By Leah Small, The Progress-Index
PETERSBURG — The Cameron Foundation has overhauled the way that it gives grants in order to have a greater impact on the growth of the region. The changes shortly followed the foundation’s 10-year anniversary in April 2013, after the nonprofit examined data on the wellbeing of the Tri-Cities.
Since Cameron began making grants in October 2004, the organization has given $71 million to 260 government agencies, nonprofit organizations and faith-based organizations, in the form of 868 grants.
Cameron is now working to bring together stakeholders to tackle large, systemic problems in the region, instead of just waiting on proposals for grant funding from area organizations. Once a problem and a solution is identified, the stakeholder organizations will join Cameron in finding funding for the initiative.
But individual organizations will still be able to apply for grants. The new, proactive strategy, supplements Cameron’s current efforts.
As for its mission to improve healthcare in the region, the foundation will focus on long-term strategies that go beyond just providing quick access to health services.
J. Todd Graham, president of The Cameron Foundation, said this “proactive grantmaking” will have a greater impact on the region.
“We have invested millions in health care interventions, providing access to affordable [and] healthcare education … but what research has shown recently is that healthcare interventions are one of the less effective ways to improve health in the community. It helps individuals short term,” he said.
According to a statement on the new program from Cameron, the organization aims to tackle environmental obstacles to good health.
“This shift allows the foundation to look at health through a broader lens beyond health care interventions, as research shows, health starts in people’s homes, neighborhoods, workplaces and the larger community — long before the point where a person needs health care,” the statement read.
Cameron has a focus beyond health, and gives grants in the areas of human services, community and economic development, education, historic preservation and conservation and arts and culture.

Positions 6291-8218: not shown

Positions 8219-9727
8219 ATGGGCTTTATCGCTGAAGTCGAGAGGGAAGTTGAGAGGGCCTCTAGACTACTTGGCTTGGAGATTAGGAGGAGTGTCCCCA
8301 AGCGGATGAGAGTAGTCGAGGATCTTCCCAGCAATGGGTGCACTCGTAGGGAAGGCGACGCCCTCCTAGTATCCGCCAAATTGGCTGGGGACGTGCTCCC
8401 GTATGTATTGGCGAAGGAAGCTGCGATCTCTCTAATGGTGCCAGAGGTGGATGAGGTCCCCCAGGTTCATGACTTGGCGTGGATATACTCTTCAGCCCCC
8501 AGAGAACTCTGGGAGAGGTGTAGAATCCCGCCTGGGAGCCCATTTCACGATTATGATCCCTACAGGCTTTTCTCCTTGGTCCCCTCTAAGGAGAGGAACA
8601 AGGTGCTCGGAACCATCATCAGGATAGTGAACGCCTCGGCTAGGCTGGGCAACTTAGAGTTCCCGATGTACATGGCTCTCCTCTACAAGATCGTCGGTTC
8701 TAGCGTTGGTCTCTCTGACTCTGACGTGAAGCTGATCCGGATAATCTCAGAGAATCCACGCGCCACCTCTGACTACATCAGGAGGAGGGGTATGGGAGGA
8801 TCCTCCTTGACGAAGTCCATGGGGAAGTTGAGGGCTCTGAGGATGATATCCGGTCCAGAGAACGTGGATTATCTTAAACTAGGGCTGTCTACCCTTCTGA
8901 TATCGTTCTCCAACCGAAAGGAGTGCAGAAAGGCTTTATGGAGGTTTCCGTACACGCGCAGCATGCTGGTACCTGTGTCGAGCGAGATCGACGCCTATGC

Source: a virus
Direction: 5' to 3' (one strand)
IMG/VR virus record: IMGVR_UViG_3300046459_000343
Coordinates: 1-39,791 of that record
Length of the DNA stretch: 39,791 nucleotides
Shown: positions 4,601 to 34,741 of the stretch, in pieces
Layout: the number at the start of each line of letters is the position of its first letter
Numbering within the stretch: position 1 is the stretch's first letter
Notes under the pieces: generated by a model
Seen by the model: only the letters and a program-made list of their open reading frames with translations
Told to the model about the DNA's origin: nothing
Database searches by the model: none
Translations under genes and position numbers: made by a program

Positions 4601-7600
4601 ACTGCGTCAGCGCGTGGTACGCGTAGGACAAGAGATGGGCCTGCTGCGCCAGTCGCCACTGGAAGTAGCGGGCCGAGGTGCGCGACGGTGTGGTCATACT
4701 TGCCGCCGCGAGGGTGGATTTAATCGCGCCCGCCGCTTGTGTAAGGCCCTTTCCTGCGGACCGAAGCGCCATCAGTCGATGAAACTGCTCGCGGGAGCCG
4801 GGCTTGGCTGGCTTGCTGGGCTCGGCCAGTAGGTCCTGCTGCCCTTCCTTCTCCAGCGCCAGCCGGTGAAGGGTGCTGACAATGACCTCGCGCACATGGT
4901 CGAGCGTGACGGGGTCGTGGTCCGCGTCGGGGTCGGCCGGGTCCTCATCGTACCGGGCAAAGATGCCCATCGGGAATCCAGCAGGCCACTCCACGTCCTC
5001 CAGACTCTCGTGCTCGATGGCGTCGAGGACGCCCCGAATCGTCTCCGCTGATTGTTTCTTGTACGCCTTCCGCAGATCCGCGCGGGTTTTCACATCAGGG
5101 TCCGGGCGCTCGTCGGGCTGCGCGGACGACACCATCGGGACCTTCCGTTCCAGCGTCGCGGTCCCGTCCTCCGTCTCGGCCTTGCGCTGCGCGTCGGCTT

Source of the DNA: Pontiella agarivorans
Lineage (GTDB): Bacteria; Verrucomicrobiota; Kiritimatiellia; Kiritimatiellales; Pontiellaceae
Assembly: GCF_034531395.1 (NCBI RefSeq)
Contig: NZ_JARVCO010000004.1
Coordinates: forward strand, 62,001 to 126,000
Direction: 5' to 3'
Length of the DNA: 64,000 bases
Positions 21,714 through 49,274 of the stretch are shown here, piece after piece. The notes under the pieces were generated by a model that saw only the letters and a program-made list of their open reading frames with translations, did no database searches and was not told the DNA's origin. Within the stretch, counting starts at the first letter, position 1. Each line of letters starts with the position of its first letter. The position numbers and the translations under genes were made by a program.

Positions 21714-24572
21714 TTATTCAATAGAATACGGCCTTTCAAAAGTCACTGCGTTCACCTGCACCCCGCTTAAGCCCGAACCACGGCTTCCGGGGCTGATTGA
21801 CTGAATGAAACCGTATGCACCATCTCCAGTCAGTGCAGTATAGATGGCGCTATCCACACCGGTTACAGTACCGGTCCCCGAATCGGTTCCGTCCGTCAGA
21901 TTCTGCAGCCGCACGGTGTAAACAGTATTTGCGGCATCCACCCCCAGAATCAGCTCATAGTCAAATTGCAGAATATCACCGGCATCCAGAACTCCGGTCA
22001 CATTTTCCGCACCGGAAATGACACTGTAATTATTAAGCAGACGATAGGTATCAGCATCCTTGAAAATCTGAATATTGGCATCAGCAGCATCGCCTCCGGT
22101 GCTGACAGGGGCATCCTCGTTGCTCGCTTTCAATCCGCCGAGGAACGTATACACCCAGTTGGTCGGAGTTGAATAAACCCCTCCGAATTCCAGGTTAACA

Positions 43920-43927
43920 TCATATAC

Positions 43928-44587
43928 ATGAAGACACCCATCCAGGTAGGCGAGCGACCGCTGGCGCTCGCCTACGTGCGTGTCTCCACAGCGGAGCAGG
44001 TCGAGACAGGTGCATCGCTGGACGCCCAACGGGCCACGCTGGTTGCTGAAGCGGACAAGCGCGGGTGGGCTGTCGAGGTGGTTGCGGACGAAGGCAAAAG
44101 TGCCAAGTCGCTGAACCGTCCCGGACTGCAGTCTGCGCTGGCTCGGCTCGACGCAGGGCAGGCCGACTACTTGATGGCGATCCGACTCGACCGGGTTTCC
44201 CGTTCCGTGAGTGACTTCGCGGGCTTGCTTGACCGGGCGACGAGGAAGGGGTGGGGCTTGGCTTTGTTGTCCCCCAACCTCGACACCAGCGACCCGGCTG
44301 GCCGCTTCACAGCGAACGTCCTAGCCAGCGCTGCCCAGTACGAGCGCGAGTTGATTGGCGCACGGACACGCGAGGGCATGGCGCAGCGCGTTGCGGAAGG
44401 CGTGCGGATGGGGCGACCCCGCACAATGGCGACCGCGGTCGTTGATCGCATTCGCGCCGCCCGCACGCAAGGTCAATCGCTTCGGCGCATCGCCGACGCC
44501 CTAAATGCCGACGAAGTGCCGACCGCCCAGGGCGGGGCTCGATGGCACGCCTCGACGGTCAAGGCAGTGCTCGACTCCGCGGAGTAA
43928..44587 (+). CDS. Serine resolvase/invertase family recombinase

Graham said that the new process came after Cameron examined 20 community indicators across the region to fine tune how it can improve the area. Some of the indicators examined are the Robert Wood Johnson Foundation County Health Outcomes and Factors rankings, behavioral health discharge rates, poverty levels, median income and unemployment rates.
The foundation is moving forward with several initiatives that are part of its new strategy.
One includes an initiative to improve the gateways into the localities of Petersburg, Hopewell, Dinwiddie and Prince George. Cameron brought together the officials in each locality to identify ways to beautify entrances to the cities and counties, and to highlight individual features.
Cameron has also worked with Feedmore to bring together area food pantries to develop a more efficient and effective way to distribute healthy food to the needy. The effort’s initial focus has been on Petersburg because of the city’s high rates of food insecurity and the need for greater coordination between the 13 food pantries operating in the city.
The Cameron Foundation was formed following the sale of the old Southside Regional Medical Center , which was a nonprofit, to the for-profit company Community Health Systems. The proceeds from the sale are used for Cameron’s grantmaking efforts. The service area of the foundation is the same as that of the hospital, which includes the localities of Petersburg, Colonial Heights, southern Chesterfield, Dinwiddie, Prince George and Sussex.